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LONDON – Millions of workers in Pakistan’s textile industry face destitution unless a way forward can be found between brands and their suppliers which has so far seen around US$200m worth of orders cancelled.

Pakistan’s textiles sector, which also incorporates agricultural in the form of cotton production, employs around ten million people. With brands such as M&S, Zara, Next and Primark having cancelled huge swathes of orders, Pakistan’s labour force – 80 per cent of which is not registered for any social protection according to Prime Minister Imran Khan – faces a future of grave uncertainty.

Apparel Insider interviewed Shafiq Shahzad, Trade and Investment Minister at the UK High Commission for Pakistan. He told us Pakistan is currently gathering information on the industry, and initial assessments suggests around US$200m of orders have been cancelled, while economic activity in the textile industry is down by 15-20 per cent.

“As Pakistan exports more than 50 per cent of its textiles and garments, the industry has been hit very hard,” he said.

Shahzad said parts of the industry have started to reopen in recent weeks following a lockdown due to Covid-19. “Units which have received orders have been allowed to start manufacturing … the industry is running at maybe 50 per cent capacity,” he said.

Shahzad added: “Most of the industry is running on Daily Wage Labour which means that if the factory shuts down, the labourer goes unemployed. They do not get benefits from the state so this is a huge problem the industry and society is facing.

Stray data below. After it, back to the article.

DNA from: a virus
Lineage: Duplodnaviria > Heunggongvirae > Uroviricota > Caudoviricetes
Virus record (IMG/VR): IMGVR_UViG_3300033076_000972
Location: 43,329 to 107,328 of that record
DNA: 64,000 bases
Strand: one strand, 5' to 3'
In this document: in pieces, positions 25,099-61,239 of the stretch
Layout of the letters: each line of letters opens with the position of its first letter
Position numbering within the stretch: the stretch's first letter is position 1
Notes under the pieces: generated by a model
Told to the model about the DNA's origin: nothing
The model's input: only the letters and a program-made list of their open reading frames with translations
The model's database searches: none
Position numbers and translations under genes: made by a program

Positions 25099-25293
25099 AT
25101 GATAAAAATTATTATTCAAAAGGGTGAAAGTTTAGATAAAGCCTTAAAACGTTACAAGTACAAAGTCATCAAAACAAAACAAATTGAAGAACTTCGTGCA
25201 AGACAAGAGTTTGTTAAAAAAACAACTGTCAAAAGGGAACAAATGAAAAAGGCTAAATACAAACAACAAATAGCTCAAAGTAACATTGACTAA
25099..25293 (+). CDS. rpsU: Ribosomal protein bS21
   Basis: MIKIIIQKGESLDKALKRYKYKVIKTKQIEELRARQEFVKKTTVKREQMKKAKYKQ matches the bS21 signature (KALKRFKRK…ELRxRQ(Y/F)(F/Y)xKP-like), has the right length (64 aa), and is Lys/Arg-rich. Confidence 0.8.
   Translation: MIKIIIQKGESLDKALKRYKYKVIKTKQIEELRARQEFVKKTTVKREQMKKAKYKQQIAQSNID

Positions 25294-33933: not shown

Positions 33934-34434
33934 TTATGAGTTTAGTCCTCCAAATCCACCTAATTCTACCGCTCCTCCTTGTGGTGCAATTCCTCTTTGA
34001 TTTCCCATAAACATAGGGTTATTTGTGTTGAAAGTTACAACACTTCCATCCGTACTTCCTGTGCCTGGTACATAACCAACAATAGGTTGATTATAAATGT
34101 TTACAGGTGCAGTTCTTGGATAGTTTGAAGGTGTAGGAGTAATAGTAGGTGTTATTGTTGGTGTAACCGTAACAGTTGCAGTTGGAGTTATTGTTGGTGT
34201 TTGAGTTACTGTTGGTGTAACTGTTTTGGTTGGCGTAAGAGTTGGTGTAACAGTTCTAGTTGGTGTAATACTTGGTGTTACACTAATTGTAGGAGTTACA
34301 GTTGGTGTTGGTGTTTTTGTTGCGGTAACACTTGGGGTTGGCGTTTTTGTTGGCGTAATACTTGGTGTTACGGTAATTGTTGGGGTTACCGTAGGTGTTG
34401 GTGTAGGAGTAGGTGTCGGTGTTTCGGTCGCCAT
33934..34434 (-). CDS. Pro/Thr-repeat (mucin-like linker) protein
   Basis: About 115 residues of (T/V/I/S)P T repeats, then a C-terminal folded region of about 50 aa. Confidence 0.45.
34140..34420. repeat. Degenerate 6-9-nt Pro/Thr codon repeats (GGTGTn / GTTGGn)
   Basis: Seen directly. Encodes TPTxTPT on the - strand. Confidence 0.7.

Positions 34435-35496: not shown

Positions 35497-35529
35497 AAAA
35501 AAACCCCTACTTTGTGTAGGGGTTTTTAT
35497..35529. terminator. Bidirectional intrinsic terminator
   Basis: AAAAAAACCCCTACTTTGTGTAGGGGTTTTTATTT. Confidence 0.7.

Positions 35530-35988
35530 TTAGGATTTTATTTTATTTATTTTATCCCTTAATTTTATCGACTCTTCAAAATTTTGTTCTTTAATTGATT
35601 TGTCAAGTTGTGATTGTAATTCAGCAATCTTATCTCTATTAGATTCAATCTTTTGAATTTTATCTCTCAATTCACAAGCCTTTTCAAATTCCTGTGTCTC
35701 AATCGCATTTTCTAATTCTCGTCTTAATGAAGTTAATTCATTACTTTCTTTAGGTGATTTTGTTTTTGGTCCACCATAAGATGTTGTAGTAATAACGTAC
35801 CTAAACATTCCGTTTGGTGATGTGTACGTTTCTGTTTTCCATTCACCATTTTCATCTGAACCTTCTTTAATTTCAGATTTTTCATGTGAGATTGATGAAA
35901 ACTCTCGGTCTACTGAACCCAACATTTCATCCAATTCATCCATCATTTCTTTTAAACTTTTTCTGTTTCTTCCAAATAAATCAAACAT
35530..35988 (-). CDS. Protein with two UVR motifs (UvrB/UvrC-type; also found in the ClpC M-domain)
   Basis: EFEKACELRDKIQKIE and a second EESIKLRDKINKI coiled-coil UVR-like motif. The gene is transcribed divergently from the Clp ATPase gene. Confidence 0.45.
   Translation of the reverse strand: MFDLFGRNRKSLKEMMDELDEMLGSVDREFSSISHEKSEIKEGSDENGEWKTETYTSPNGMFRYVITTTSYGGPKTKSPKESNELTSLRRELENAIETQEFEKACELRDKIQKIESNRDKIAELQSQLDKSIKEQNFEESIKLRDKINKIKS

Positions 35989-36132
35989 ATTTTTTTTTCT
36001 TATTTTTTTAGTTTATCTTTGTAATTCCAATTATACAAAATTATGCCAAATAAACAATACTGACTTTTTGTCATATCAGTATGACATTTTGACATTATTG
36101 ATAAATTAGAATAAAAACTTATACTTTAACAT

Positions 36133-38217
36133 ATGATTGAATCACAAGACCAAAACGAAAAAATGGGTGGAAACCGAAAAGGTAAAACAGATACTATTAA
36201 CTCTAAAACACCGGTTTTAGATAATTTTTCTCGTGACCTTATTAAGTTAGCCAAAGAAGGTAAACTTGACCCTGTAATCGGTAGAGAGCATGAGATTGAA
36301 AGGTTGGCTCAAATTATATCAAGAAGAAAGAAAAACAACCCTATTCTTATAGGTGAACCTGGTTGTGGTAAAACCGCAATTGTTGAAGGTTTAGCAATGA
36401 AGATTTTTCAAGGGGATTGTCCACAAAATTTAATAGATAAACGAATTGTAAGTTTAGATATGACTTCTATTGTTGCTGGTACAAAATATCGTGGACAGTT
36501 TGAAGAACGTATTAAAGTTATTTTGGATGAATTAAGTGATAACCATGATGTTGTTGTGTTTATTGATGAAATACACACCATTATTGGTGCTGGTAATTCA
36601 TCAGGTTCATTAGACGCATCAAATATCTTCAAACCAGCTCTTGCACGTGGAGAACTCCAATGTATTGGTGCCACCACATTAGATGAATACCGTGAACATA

“The impact is very far reaching on employment and the social fabric of society due to Pakistan’s heavy reliance on textile and clothing.”

Shahzad also pointed to significant ‘downward linkages’ for Pakistan in terms of cotton growing, a significant feedstock for the country’s textile sector. Millions of women are employed in Pakistan’s cotton sector.

Cotton is an important cash crop and lifeline of Pakistan’s textile industry. Cotton production is concentrated in two provinces with Punjab accounting for nearly 75 per cent and Sindh nearly 25 per cent of area. For the most part, cotton is produced by small farmers cultivating less than five hectares of land. An estimated 1.6 million farmers grow cotton.

Looking for a way forward, Shahzad said manufacturers and retailers need to “work collaboratively in this time of crisis,” and said he is urging retailers to continue to take orders for which raw materials have already been received or where the orders have already been produced.

He also said Pakistan is looking at connecting local suppliers with major e-commerce sellers to shift surplus inventory.

Shahzad is currently in discussion with Saeed Khilji, chairman of the Textile Association of Leicestershire, to help resolve this issue and introduce more retailers to Pakistan manufacturers.

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